Donald Trump is trying to steal the election
Across much of the country, the United States Postal Service is grinding to a halt. In cities like Baltimore, Minneapolis, Chicago, and Philadelphia, residents report that they have not gotten mail for weeks. People are not getting checks, bills, medicines, or other vital necessities, and it only seems to be getting worse.
Now, with record numbers of Americans set to vote by mail this November, the Post Office is falling apart because Donald Trump thinks he can steal the election by breaking it. There is no other reason.
To be sure, the USPS has had its struggles for some time. As I've noted before, in 2006 Congress clapped the agency with an absurd requirement that it had to pre-fund its retiree health benefits 75 years out — meaning it had to set health care money aside for future employees who weren't even born yet. This drove it immediately into deficit, where it has largely remained for the past 14 years. Second, the coronavirus pandemic also hit traditional mail delivery volume hard. Junk mail advertising — one of the Post Office's key revenue sources — always falls in a recession, and with people largely staying home, there was even less call for it.
Nevertheless, neither of these things are enough to cause the problems we are seeing across the country. The decline in junk mail was partly offset by a steep rise in package shipping. More importantly, Trump also prevented the Post Office from getting $75 billion from Congress as part of the CARES Act by threatening a veto. With that help — a tiny fraction of what big corporations got — the USPS for sure could have managed through the rest of the year. Instead, it got only a $10 billion loan, with stiff conditions.
What's more, Louis DeJoy, the Trump lickspittle and longtime Republican donor (with a massive financial conflict of interest) now serving as postmaster general, has royally messed up mail service. He implemented a bunch of management changes weeks ago, including orders to restrict overtime, slow down delivery routes, and leave mail behind at distribution centers. Now he has made further sweeping changes that have sidelined longtime USPS staff and centralized power around himself, and instructed states that they will have to pay extra to prioritize their election mail. According to memos obtained by The Associated Press, even greater reductions and the complete closure of some offices could be on the way.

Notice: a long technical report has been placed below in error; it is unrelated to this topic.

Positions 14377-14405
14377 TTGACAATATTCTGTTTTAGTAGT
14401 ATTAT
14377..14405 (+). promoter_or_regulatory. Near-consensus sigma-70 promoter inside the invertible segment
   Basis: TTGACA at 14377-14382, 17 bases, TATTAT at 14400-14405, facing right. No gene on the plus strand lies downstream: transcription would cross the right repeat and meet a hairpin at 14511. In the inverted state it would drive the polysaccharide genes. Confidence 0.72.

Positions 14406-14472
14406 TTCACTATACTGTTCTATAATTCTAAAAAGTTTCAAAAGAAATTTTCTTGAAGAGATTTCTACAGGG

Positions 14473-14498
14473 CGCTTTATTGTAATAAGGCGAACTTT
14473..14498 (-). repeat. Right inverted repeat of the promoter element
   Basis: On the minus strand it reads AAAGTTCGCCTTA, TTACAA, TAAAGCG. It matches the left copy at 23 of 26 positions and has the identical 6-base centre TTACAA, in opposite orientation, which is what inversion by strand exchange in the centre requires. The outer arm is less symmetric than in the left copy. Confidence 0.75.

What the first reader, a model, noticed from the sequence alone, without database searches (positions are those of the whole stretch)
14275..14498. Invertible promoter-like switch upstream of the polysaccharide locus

The rationalization for all these changes, according to the management consultant Newspeak, is that it's simply what must be done to cut costs and streamline the agency for modern times. It's classic "government should be run like a business" rhetoric. But it stands to reason that when someone says they are trying to improve the efficiency of a service, and the efficiency of that service immediately collapses so badly as to virtually cease to exist in big chunks of the country — particularly big cities, which is where the Post Office makes most of its revenue — that was not what they were really trying to do.
So let's turn back to the president. Trump has been telling hysterical lies about mail-in voting for months, falsely portraying it as riddled with fraud, and repeatedly suggesting that the November election tally will not be legitimate as a result. As anyone who thinks about it for five seconds could confirm, simply voting through the mail is no more vulnerable to fraud than doing it in person, because any single person would be a fool to commit a felony for a single vote. In terms of fraud potential, mail-in voting is not meaningfully different from the absentee voting that Trump favors — most of the time, it actually happens through the mail.
Real vote fraud happens when political parties control the count. Indeed, the biggest recent example of actual tinpot dictatorship-style election rigging was committed by a North Carolina Republican operative, Leslie McCrae Dowless, on behalf of Mark Harris, GOP candidate for the state's 9th District in 2018. The local GOP and Harris's campaign knew about credible allegations of absentee ballot tampering but sued to have Harris installed in office anyway based on the crooked vote.
So here we have a postal service that has been hamstrung at every turn by the president, whose crony running the agency has turned it into a shambles, and which will almost certainly struggle to get ballots delivered in a timely fashion. We also have a president who is notorious for lying, cheating, and stealing; who is far behind in the polls; who may well face prosecution after leaving office on account of the crimes he has confessed to doing; and whose campaign has sued Nevada over switching to universal vote-by-mail, as well as Pennsylvania to stop the state from setting up vote drop boxes. It doesn't take a master detective to put the pieces together on this one. (I am currently making plans to drop my ballot off in person, and I suggest you do the same.)
The true talents of Donald Trump can be counted on the fingers of one hand, but one of his most well-developed skills is breaking things and turning the resulting disaster to his own advantage. If he succeeds in wrecking the Post Office, enough Democrats may be unable to vote that he will be able to steal the election. Or if it takes weeks or months for Joe Biden to be declared the winner, Trump will very likely lie about all of Biden's votes being fake, and claim victory for himself. Who is president next year may depend on which side the military takes.